EMORY, Va. -- Charles Goolsby, chairman of the Emory & Henry College Art Department, recently had three of his paintings reproduced in the nationally distributed and highly selective art magazine, New American Paintings.
Thousands of artists participate in the selection process each year, but only a limited number make it through the jurying process. The publication works closely with renowned curators to select artists whose work deserves to be seen by a wider audience.
Out of nearly 1,000 applicants, three of Goolsby's works were selected by Barbara O'Brien, curator of the Kemper Museum. Depicting scenes from Southwest Virginia, the artworks are titled "Hungry Mother Lake: Diving Platform," "Coeburn," and "Above Ground Pool." All three are oil paintings on linen.
Goolsby's paintings are a visual response to landscapes that have been reshaped by human intervention. Thematically, the works explore solitude, death, anxiety, transience, speed, isolation, confrontation and collision.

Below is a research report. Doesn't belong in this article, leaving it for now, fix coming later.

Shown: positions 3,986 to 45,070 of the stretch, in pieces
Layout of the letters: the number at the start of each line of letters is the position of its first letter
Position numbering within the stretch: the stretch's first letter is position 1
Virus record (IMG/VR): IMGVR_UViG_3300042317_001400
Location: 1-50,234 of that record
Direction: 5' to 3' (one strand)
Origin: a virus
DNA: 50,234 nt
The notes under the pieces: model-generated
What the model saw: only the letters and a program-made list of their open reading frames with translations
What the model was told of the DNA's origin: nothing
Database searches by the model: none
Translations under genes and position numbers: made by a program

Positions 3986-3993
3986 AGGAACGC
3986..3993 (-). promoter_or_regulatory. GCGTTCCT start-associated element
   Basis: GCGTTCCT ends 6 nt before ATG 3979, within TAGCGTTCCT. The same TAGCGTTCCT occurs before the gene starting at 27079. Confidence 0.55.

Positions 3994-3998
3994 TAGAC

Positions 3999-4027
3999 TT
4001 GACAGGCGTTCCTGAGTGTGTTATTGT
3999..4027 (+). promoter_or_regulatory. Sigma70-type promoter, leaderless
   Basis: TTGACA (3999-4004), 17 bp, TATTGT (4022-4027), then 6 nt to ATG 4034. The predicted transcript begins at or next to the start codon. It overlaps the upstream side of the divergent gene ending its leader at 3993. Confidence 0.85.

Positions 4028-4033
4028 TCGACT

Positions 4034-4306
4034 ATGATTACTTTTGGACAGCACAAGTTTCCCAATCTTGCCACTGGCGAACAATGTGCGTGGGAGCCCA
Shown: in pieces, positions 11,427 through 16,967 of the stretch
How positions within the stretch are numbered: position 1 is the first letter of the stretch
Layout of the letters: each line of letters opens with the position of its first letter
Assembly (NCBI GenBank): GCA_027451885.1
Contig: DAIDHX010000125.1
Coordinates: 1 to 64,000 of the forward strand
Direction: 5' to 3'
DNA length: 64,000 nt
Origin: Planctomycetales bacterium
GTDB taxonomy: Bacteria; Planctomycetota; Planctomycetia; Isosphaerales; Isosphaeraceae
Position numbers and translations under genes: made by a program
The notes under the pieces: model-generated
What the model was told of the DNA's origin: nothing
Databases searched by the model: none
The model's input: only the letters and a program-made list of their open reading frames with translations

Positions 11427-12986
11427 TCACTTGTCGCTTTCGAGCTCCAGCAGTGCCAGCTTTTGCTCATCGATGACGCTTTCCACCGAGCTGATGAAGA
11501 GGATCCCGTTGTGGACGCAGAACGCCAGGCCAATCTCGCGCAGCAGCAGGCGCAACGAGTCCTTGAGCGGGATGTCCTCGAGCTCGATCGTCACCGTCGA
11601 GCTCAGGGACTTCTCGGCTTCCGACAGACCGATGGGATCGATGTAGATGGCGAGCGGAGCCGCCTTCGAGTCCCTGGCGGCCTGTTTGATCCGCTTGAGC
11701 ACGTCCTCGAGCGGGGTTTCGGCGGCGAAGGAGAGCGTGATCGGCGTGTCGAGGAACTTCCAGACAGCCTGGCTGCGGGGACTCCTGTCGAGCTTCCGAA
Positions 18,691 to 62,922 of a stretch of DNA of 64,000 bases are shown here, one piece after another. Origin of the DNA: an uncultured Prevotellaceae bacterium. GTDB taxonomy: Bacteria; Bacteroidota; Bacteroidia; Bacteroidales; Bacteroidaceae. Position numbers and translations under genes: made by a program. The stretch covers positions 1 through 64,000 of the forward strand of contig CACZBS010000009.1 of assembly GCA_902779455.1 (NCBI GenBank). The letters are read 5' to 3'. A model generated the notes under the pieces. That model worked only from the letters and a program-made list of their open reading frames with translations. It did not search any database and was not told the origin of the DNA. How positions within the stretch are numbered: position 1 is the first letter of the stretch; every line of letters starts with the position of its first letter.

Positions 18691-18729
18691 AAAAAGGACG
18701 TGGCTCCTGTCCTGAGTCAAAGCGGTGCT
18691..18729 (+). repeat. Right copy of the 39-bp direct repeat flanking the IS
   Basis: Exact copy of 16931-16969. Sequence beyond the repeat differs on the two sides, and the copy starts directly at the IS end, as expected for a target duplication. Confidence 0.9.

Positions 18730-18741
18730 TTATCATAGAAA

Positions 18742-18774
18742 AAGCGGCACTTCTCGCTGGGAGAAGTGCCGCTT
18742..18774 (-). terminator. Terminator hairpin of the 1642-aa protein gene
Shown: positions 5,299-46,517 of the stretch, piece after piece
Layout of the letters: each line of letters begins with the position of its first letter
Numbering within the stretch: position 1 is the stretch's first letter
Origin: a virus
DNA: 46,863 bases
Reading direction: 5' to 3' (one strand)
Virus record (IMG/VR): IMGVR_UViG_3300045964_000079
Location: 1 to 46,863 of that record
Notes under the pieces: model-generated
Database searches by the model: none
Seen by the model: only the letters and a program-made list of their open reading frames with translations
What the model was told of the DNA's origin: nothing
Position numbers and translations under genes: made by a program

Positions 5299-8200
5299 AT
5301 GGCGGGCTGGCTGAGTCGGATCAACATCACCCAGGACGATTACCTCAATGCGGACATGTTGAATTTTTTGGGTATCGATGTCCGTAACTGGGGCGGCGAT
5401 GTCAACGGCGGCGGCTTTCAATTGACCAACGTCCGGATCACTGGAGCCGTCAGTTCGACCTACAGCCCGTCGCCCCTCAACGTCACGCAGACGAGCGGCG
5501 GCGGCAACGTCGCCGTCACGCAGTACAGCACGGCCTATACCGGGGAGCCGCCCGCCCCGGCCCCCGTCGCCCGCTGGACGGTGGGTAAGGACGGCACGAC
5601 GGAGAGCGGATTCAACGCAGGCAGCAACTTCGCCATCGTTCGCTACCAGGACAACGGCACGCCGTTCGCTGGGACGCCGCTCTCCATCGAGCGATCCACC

The emphasis on these concerns places the work in a long tradition of American Romantic landscape painting, including artists such as Winslow Homer and Edward Hopper. At the same time, Goolsby's work is created within the context of the present, a time of pluralism in terms of visual expression.
The Open Studio Press, which publishes New American Paintings, was founded in 1993 as a vehicle for facilitating contact between artists and art enthusiasts. While included painters receive international exposure, those with an interest in contemporary painting are provided with an invaluable resource for discovering new artistic talent.